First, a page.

Red ginseng extract reduces signs of CF in rat lungs: Study

Effect believed to enhance activity of chloride transport protein TMEM16A

Steve Bryson, PhD avatar

by Steve Bryson, PhD |

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An illustration of a rat in a lab.

Oral red ginseng extract eased the signs of cystic fibrosis (CF) in the lungs of rats, a study reports.

The extract’s effect was thought to enhance the activity of TMEM16A, a chloride transport protein similar to CFTR, which is defective in CF. The treatment improved chloride flow and reduced mucus secretions.

“Therapeutic strategies utilizing TMEM16A potentiators to treat CF airway disease are appropriate and provide a new avenue for mutation-independent therapies,” the researchers wrote in “Red ginseng aqueous extract improves mucociliary transport dysfunction and histopathology in CF rat airways,” a study published in the Journal of Cystic Fibrosis.

CF is caused by inherited defects in CFTR, which regulates the flow of chloride into and out of cells, preventing them from adequately controlling the flow of salt and water. This results in a thick and sticky mucus being produced.

Although CFTR modulator therapies can partially rescue CFTR defects, lung function isn’t fully restored, and not all patients are genetically amenable to these treatments. This makes “effective, mutation-independent therapeutics” urgently needed, wrote researchers associated with the University of Alabama at Birmingham.

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Testing red ginseng extract in rats

Red ginseng aqueous extract (RGAE) enhanced the activity of TMEM16A in cell-based studies. It also improved the flow of mucus, a process referred to as mucociliary transport, which is responsible for clearing particulates and microorganisms from the lungs. The medicinal ingredient in RGAE is thought to be a class of biochemicals called ginsenosides, a type of steroid glycoside.

In this study, the research team tested RGAE in a CF rat model lacking the gene that carries instructions for CFTR. Four-month-old CF rats were randomly assigned to receive daily oral RGAE at a dose of 0.4mg/kg of ginsenosides, or a placebo, for four weeks.

As expected, there was no flow of chloride in the upper airways in untreated CF animals, even when stimulated to enhance CFTR-mediated chloride transport. CF rats treated with RGAE showed significantly more chloride flow when TMEM16A was stimulated by uridine 5-triphosphate (UTP) than untreated CF rats.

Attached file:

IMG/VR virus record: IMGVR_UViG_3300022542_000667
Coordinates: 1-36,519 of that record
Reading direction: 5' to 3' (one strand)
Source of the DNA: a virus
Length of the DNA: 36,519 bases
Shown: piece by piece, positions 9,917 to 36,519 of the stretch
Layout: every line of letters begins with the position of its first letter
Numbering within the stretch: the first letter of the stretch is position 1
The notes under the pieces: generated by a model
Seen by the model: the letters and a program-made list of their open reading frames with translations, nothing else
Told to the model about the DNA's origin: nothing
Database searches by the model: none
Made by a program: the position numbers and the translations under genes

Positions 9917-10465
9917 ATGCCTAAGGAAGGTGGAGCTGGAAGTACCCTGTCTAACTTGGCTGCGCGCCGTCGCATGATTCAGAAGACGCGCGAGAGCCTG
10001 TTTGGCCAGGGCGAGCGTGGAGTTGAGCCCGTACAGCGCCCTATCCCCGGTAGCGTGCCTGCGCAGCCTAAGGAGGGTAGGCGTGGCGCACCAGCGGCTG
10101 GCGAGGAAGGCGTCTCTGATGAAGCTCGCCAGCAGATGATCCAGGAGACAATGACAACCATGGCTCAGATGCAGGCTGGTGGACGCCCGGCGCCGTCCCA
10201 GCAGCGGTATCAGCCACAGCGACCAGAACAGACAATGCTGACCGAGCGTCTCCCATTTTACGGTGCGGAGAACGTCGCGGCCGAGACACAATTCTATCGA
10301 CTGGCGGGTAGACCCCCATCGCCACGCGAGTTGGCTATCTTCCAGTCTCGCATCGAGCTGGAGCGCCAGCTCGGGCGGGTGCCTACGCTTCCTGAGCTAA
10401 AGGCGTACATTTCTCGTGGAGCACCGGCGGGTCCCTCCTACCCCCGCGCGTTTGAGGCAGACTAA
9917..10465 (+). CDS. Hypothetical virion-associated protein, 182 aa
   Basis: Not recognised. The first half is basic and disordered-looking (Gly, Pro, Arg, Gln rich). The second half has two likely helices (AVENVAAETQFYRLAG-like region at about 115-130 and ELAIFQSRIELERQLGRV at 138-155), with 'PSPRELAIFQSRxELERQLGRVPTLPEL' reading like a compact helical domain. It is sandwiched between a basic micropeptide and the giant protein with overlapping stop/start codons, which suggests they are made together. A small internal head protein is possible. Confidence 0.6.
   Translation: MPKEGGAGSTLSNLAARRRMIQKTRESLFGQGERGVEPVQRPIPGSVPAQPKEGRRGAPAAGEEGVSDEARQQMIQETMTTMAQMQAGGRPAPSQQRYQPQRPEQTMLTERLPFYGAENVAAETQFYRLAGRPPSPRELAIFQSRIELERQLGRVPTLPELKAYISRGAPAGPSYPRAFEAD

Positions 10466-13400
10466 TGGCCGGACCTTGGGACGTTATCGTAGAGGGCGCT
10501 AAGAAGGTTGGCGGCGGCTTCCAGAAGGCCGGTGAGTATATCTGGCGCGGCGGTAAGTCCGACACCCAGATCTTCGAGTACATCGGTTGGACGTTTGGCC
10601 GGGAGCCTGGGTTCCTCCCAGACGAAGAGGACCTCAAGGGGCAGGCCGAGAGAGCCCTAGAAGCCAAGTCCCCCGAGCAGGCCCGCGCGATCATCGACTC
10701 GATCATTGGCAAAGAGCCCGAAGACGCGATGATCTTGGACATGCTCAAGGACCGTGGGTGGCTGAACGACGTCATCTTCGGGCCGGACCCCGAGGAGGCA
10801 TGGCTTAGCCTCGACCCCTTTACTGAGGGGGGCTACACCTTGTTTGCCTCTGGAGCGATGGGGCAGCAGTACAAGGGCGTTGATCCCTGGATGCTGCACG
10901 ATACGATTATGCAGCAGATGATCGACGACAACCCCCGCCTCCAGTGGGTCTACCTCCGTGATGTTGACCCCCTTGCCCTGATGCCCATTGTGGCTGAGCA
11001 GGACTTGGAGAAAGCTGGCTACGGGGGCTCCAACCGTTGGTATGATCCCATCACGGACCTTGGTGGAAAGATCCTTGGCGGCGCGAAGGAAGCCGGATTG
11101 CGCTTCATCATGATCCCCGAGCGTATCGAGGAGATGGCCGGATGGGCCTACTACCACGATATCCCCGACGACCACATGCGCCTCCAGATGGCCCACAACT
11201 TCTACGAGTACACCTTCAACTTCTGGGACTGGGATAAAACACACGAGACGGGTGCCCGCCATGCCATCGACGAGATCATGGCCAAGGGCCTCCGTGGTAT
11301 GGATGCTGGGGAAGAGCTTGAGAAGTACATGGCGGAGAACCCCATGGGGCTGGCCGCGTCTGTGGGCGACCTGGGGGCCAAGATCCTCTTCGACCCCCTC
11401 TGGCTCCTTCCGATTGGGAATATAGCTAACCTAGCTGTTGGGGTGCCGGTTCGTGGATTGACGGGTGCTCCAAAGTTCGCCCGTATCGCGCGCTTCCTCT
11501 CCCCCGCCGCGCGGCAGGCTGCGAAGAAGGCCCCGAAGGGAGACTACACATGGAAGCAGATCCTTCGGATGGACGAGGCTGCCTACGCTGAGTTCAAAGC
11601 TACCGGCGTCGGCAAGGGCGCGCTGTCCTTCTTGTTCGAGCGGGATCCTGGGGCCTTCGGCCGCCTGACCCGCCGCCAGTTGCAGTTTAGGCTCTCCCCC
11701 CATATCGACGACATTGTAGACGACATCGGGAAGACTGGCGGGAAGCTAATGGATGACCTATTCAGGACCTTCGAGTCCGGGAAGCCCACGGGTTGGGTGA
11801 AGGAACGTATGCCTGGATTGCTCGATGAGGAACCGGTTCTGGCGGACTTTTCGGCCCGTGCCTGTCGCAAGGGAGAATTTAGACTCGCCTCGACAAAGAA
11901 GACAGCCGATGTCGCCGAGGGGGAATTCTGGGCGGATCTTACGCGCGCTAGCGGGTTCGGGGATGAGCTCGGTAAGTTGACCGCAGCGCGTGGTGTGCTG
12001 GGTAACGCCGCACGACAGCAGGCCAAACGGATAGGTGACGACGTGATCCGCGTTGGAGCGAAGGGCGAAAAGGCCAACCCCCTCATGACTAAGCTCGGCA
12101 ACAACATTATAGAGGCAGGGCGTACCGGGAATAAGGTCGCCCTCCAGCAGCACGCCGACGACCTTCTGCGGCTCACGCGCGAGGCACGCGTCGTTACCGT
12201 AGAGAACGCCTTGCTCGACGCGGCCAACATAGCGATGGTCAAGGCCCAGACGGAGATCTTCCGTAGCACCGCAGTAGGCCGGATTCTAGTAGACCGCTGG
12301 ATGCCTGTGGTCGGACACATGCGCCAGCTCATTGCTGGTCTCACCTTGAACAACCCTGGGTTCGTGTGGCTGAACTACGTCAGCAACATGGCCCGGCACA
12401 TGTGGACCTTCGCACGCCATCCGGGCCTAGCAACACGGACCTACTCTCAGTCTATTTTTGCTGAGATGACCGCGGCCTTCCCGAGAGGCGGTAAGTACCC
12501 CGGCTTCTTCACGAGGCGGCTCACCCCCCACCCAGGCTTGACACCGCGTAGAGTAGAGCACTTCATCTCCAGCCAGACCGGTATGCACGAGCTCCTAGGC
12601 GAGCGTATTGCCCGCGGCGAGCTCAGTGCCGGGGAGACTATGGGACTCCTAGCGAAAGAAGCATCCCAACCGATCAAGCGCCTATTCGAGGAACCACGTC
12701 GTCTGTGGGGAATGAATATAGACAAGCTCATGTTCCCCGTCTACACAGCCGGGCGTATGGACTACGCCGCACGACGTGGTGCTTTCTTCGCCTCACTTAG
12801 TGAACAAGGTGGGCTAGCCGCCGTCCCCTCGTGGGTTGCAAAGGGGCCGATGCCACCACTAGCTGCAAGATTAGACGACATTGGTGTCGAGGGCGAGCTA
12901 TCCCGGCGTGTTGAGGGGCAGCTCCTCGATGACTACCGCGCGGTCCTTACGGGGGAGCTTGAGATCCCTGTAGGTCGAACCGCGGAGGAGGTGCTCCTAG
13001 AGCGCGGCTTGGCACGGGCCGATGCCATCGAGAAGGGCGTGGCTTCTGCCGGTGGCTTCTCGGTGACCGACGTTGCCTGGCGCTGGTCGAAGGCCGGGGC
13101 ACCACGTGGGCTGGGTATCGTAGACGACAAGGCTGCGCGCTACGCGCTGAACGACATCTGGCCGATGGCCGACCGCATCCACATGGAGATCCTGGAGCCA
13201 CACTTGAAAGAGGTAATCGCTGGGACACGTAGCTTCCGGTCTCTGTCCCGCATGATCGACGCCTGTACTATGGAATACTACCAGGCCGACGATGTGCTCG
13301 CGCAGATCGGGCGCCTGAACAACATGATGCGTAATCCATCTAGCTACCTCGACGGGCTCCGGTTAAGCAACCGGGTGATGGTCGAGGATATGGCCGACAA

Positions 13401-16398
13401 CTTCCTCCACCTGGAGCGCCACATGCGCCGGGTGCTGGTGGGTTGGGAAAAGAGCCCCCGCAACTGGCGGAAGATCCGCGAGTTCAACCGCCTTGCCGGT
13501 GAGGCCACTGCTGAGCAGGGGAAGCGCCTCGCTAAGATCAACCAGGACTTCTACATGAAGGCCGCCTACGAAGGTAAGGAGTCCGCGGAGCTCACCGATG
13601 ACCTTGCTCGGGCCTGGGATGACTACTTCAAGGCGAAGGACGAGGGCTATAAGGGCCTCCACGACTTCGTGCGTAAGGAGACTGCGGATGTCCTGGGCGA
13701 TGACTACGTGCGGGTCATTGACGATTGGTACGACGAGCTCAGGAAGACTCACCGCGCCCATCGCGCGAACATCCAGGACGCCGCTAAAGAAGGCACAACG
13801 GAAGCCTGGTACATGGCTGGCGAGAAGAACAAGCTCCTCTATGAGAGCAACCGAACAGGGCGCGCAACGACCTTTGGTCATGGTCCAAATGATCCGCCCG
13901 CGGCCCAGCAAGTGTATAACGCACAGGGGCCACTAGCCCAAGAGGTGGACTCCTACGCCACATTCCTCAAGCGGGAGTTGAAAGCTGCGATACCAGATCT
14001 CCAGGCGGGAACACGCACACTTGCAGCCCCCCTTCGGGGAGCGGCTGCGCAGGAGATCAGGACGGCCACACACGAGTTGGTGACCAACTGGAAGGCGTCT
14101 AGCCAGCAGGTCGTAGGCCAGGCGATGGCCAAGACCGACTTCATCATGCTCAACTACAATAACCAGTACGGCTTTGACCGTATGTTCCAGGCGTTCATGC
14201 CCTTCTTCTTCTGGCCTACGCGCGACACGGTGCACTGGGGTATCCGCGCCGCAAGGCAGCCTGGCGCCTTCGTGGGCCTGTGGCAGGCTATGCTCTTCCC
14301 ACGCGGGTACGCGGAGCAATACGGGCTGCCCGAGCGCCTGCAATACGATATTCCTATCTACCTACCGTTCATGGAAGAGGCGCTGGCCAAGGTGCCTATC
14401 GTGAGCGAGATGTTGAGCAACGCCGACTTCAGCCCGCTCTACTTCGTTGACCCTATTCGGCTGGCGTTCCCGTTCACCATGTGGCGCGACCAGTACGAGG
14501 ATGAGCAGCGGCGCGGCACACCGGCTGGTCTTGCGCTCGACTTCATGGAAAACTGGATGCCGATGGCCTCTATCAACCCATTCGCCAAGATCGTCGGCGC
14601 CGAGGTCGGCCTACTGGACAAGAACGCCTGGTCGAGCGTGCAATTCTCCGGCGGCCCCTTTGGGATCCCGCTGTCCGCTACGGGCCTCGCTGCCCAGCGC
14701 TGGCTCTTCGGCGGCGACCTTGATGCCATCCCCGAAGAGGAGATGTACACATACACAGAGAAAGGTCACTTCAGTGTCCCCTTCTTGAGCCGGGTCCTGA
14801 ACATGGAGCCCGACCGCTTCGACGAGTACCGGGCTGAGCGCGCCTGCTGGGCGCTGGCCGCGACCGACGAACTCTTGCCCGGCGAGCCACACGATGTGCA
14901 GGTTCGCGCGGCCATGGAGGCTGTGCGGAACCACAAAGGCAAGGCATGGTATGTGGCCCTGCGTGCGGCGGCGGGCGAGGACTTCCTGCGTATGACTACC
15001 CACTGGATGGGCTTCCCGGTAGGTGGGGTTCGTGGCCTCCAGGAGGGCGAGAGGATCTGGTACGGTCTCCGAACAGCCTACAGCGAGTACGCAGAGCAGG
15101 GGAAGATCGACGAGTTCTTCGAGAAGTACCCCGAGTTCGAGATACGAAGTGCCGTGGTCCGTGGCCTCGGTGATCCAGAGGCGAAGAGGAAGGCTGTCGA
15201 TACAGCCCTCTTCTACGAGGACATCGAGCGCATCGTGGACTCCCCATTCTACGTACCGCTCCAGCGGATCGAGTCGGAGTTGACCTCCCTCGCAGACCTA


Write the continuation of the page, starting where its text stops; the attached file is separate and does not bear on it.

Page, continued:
RGAE also significantly improved parameters associated with microstructures within airway tissue, as measured by micro-optical coherence tomography. This included airway surface liquid, the distance between the air-mucus interface and the surface of the epithelial layer, and the periciliary liquid, the distance between the mucus layer and the epithelial surface.

The ciliary beat frequency, the motion of hair-like cilia on cell surfaces that propels mucus from the airways, was improved with RGAE. Consistently, the mean mucociliary transport rate was three times faster with treatment than without (1.45 vs. 0.45 mm per minute).

Treatment was found to reduce the number of goblet cells, the primary mucus-secreting cell that lines the airways, and lacked the mucus-distended appearance seen in untreated controls. The thickness of the layer of cells that line the airways, the epithelial layer, was also thinner with treatment, “presumably due to the “loss” of distended goblet cells,” the researchers wrote.

At the same time, the RGAE-treated rats showed a marked decrease in total intracellular mucus levels within nasal cavities. Also, no changes in TMEM16A production (expression) resulted from treatment. Thus, “RGAE did not confer its effect through overexpression of TMEM16A,” the researchers said.

“RGAE is the first known orally bioavailable compound capable of potentiating TMEM16A,” they concluded. “A therapeutic strategy utilizing TMEM16A potentiators to treat CF airway disease is promising and provides a new avenue for mutation-independent therapies that target the [cholride] transport defect in CF.”